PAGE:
Minnesotans Looking for New Leader to Fight EPA Regional Haze Application
Republican Chip Cravaack pulled off one of the most shocking election stunners in 2010, narrowly defeating longtime Democratic Congressman Jim Oberstar in Minnesota’s 8th Congressional District, described by the Daily Kos as “one of the safest Democratic seats in Congress.” Cravaack quickly made his mark in Congress, leading a battle to restore balance between the U.S. Environmental Protection Agency and state environmental protection agencies. Minnesotans now must look for a new leader to stand up for state environmental protection agencies, as former Congressman Rick Nolan rode President Barack Obama’s coattails in the November 2012 elections to reclaim the traditionally Democratic seat.
Curbing EPA Overreach
Cravaack’s signature accomplishment was the introduction of legislation aimed at curbing EPA’s controversial Regional Haze Rule. EPA is increasingly using the rule to force expensive restrictions on Midwestern power production, mining, and other activities, even in states and counties with exceptionally clean air.
Cravaack’s northeastern Minnesota district is home to taconite mining. Taconite is an iron-bearing sedimentary rock which has been mined extensively since World War II. Once considered a waste product, taconite is now processed to create taconite pellets that are used in the production of steel. After taconite is mined and processed in Minnesota’s Iron Range, the pellets are transported by rail and then by ship to ports in the Great Lakes region where they make their way to steel mills. Taconite pellets also are exported to China and Mexico.
In August 2012, EPA implemented tougher emissions rules that targeted six taconite plants in northeastern Minnesota. The agency’s action took place under its Regional Haze Rule which seeks to improve visibility at 156 national parks and wilderness areas around the country. Under the rule, EPA is supposed to coordinate its efforts with state environmental agencies. More recently, however, EPA has increasingly acted unilaterally.
EPA Overrode State Plan
After years of study, the Minnesota Pollution Control Agency (MPCA) developed its own plan for dealing with air quality on the Iron Range. However, EPA’s application of the Regional Haze Rule to Minnesota taconite mining largely superseded the Minnesota plan. EPA says the Minnesota plan is not stringent enough in requiring taconite plants to employ the best available retrofit technology (BART), which can add substantial costs to mining production.
Fearful EPA’s move would severely harm the Iron Range’s economy, Cravaack in October introduced his “Promoting Nuanced Taconite Regulations Act.” The Act would give MPCA’s regional haze State Implementation Plan (SIP) primacy over EPA’s Regional Haze Rule application to taconite mines. It would also establish a 10-year moratorium on new, haze-related EPA taconite rules.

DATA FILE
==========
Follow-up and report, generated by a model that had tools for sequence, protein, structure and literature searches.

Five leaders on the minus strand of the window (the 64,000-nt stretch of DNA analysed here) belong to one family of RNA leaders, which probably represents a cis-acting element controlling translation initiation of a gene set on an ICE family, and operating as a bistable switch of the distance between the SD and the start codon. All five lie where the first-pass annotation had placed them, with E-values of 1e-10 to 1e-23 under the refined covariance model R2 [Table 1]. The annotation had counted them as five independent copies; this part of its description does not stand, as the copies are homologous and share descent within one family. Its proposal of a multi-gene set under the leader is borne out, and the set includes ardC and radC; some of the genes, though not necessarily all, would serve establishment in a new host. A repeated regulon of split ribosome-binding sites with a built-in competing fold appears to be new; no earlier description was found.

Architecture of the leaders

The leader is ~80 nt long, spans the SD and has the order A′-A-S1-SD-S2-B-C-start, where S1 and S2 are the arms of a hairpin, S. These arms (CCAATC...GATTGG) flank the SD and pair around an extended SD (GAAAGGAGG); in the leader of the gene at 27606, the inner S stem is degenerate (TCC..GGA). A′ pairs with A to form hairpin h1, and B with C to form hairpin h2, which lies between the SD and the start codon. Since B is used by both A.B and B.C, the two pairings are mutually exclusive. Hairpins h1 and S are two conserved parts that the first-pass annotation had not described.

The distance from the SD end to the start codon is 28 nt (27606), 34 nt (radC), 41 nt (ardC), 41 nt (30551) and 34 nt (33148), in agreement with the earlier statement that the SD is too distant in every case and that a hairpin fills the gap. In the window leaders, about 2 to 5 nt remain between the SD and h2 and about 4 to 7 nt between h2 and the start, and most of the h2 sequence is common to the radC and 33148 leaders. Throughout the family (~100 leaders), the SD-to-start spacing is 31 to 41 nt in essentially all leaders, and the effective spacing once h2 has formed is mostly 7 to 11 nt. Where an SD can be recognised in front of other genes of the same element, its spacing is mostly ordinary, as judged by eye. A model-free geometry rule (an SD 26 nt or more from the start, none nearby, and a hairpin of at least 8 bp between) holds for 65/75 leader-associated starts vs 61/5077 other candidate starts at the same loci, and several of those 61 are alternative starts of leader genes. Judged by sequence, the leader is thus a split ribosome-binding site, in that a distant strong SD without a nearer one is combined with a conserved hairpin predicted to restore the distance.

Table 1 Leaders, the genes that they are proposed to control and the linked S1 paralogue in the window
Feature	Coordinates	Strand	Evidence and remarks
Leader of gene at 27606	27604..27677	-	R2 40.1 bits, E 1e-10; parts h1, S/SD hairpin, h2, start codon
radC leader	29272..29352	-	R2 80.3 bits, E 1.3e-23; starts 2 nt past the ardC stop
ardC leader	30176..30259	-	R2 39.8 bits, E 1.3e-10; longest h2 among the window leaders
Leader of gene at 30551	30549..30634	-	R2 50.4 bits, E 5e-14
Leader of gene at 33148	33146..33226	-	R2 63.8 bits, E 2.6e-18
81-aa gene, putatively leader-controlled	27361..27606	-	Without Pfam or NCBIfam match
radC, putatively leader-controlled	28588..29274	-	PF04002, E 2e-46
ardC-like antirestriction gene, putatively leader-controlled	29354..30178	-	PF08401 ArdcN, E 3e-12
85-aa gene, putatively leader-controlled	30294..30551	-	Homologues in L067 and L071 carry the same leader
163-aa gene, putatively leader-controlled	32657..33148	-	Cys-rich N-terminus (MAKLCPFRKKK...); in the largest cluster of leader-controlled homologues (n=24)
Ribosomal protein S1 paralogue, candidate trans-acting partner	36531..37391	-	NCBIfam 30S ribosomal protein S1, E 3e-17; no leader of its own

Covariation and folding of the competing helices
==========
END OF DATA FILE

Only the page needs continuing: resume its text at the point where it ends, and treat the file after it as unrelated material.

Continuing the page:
New Restrictions Unnecessary
“The Eighth District of Minnesota has some of the best air quality in the state. This ideologically driven overreach risks production slowdowns at some mines on the Iron Range,” Cravaack explained in a press statement. “I support maintaining and approving our air visibility, but this federal regulation ignores years of research by MPCA and neglects to account for the years it can take to plan, test, and perfect modifications to these highly specialized taconite furnaces.”
Will Nolan Step Forward?
Cravaack, however, was in a precarious position. As the first Republican to represent Minnesota’s 8th District since 1947, he was especially vulnerable in the 2012 elections. With the district now back in Democratic control, Minnesotans are looking for a new champion to stand up for the Minnesota Pollution Control Agency.
“EPA’s regional office has substituted a crude, one-size-fits-all standard for the highly competent judgment of a state that is very experienced in taconite mining technology and has forgotten more about taconite mining than EPA will ever know,” said Luke Popovich, vice president for external communications at the National Mining Association.
Popovich hopes Nolan will recognize the importance of state-crafted environmental protection and continue to pursue Cravaack’s proposed legislation. Nolan has yet to indicate whether he will stand by state environmental officials. Time is running short.
“The result of EPA imposing its view on the state may be very damaging to an industry that provides high-wage employment and very valuable products,” Popovich said.
Bonner R. Cohen, Ph. D., (firstname.lastname@example.org) is a senior fellow at the National Center for Public Policy Research.